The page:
Ravenswood Captain, Sarah Haynes on Elite schools where ‘more value is placed on those who provide good publicity or financial benefits’

Press Release 631

AUSTRALIAN COUNCIL FOR THE DEFENCE OF GOVERNMENT SCHOOLS

 

PRESS RELEASE 631#

 

Ravenswood Captain, Sarah Haynes on

 

Elite schools where ‘more value is placed on those who provide good publicity or financial benefits’

The captain of an elite school in Sydney’s upper North shore, Sarah Haynes went off script to tell it as it is in the elite school’s  bubble of ‘business-like’ operations, with an image that could be ‘unhealthy’.  

The question for taxpayers is: should their millions be going to an elite school which charges parents $28,000 for an ‘unrealistic’ education in which images mean more than realities?

Parents may be stupid to spend unwisely. But should taxpayers be constantly asked to send good money after bad? When good money should be ut into good public schools, not bad elitist ones?

Back to Sarah Haynes. Her sister was expelled earlier in the year, and no-one is saying why, or whether she had a public school to go to as an alternative.  But Sarah wrote two end of year addresses: one for the school’s censors. And the other one – which she delivered.

Her speech went viral on the internet. Here it is:

http://www.smh.com.au/nsw/ravenswood-captain-sarah-haynes-accuses-school-of-betrayal-20151206-glgmfq.html#ixzz3toSNW6az

What did she say? Here are some excerpts:

"I wrote two speeches today just so I would be able to say that Ravo isn't perfect."

"Everything I wrote had to be censored by those higher up than me," she said in her address.

"I was never trusted to say the right thing."

"I sent this to those in charge of me and received a reply: 'Great speech but change the ending. No parent wants to hear that the school isn't perfect'."

"I don't know how to run a school but it seems to me that today's schools are being run more and more like businesses where everything becomes financially motivated, where more value is placed on those who provide good publicity or financial benefits,"

"If the school can't admit it isn't perfect how can they expect adolescent girls to realise perfection is unattainable."

 “The image (the school) tries to project isn't real.”

"We learn from mistakes.The only dangerous thing about mistakes - which I think Ravo may have lost sight of this year - is not being able to recognise and admit to them."

"I fell for this image that the school presented to me. I thought the school was absolutely perfect. To be valued within the school a lot of people feel they have to present the same image of perfection that the school does. It's important to know that to be valued within a school you don't have to be a model student."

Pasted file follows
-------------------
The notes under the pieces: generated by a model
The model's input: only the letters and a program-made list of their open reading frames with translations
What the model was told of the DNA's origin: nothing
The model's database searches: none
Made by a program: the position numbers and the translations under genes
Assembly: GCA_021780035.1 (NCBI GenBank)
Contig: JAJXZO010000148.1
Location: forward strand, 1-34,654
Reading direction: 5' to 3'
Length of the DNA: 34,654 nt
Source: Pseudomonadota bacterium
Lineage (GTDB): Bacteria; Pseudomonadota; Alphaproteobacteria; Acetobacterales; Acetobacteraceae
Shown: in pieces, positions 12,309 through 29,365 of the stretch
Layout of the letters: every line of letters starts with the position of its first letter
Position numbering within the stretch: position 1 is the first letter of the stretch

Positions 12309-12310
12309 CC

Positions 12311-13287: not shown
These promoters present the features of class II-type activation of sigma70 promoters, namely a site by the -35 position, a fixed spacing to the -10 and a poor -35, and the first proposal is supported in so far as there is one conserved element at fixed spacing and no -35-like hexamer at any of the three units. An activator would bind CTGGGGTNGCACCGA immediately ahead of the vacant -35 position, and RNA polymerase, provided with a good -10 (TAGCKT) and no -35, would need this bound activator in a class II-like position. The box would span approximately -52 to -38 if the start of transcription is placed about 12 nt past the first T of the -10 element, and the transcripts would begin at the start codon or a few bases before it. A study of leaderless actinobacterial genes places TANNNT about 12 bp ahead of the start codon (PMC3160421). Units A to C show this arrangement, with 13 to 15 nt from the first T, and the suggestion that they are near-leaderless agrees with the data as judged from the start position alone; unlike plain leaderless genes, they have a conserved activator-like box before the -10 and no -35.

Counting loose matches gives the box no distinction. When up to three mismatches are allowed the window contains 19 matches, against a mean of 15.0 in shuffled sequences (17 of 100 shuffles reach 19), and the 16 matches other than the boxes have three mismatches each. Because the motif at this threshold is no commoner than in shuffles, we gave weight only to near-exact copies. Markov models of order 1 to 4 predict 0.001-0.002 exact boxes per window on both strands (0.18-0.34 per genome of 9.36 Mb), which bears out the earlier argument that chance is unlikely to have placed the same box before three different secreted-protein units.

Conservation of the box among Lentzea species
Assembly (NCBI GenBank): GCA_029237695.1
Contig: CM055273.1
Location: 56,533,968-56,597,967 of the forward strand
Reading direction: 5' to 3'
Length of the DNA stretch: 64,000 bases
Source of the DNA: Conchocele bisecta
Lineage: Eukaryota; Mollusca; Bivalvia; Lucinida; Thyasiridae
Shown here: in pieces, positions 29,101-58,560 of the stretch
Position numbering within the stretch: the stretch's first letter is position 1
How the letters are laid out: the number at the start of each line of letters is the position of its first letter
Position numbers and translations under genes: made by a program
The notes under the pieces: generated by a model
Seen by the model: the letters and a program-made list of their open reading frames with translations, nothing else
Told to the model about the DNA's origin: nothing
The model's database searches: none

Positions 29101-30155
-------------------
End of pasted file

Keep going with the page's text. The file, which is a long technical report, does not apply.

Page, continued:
She said the school left her feeling "hurt and betrayed".

Ms Haynes said her speech was not a personal vendetta resulting from the circumstances surrounding her sister's departure from Ravenswood but she hoped the school would learn from its errors in the same way it expected from students.

Her speech received a standing ovation from the students and some parents although she described the reaction from staff as "reserved".

Public education advocate Jane Caro said some private schools carefully shape their image to help justify their fees.

"For those elite schools, it's all about brand, it's all about image," she said.

"When parents choose to send their children to those schools, what they are buying is prestige, brand, image and status. When someone calls that status into question, it raises the question of what exactly the school is offering for the money."

Some of the ‘Comments’ on the Sydney Morning Herald report are of interest.

 

Haynes' actions look to me like a breath of fresh air.

Carol Flanagan West Pennant Hills

I would have been proud to have had an articulate and intelligent Sarah Haynes as school captain at the large public girls school where I was principal in the 1980s and 90s. She would have had the opportunity to raise concerns at many regular formal and informal discussions with me and other staff during the year. I find it incomprehensible that her concerns have had to be held back until the final occasion in the school year. 

It is even more incomprehensible that the School Council chairman, who was there, cannot recall any reaction to Haynes' comments. 

We all need to reflect there are nearly always more adult citizens of Australia in year 12 than there are on the staff and it is important that the culture of the school reflect this. Building mutual respect is far better than any approval or censorship process. 

Jim Harkin Engadine 

Your front-page story reminds me just how many people are prepared to pay whatever is asked for the prestige and status of an elite private school. And being a long-time resident of the upper north shore, I've had ample opportunity to observe just how wealthy these schools are.

The school across the road is currently spending a fortune on adding to its stock of tennis courts. A few years ago, it applied to appropriate a nearby council oval because it wanted to spend millions to build an all-weather running track around the outside of it. Thankfully, the proposal did not proceed.

How much money do elite private schools have? Answer: more than they know what to do with.

Chris Love Wahroonga 

DOGS NOTE THAT SARAH HAYNES HAS PROVED HERSELF AN

INDEPENDENT THINKER  IN A SCHOOL IMPRISONED BY FALSE ELITIST

IMAGES

 

WHAT A PITY THAT RAVENSWOOD WITH $28,000  PER PUPIL PER ANNUM

FROM

INDEPENDENT SOURCES CANNOT BE INDEPENDENT OF STATE AID

 

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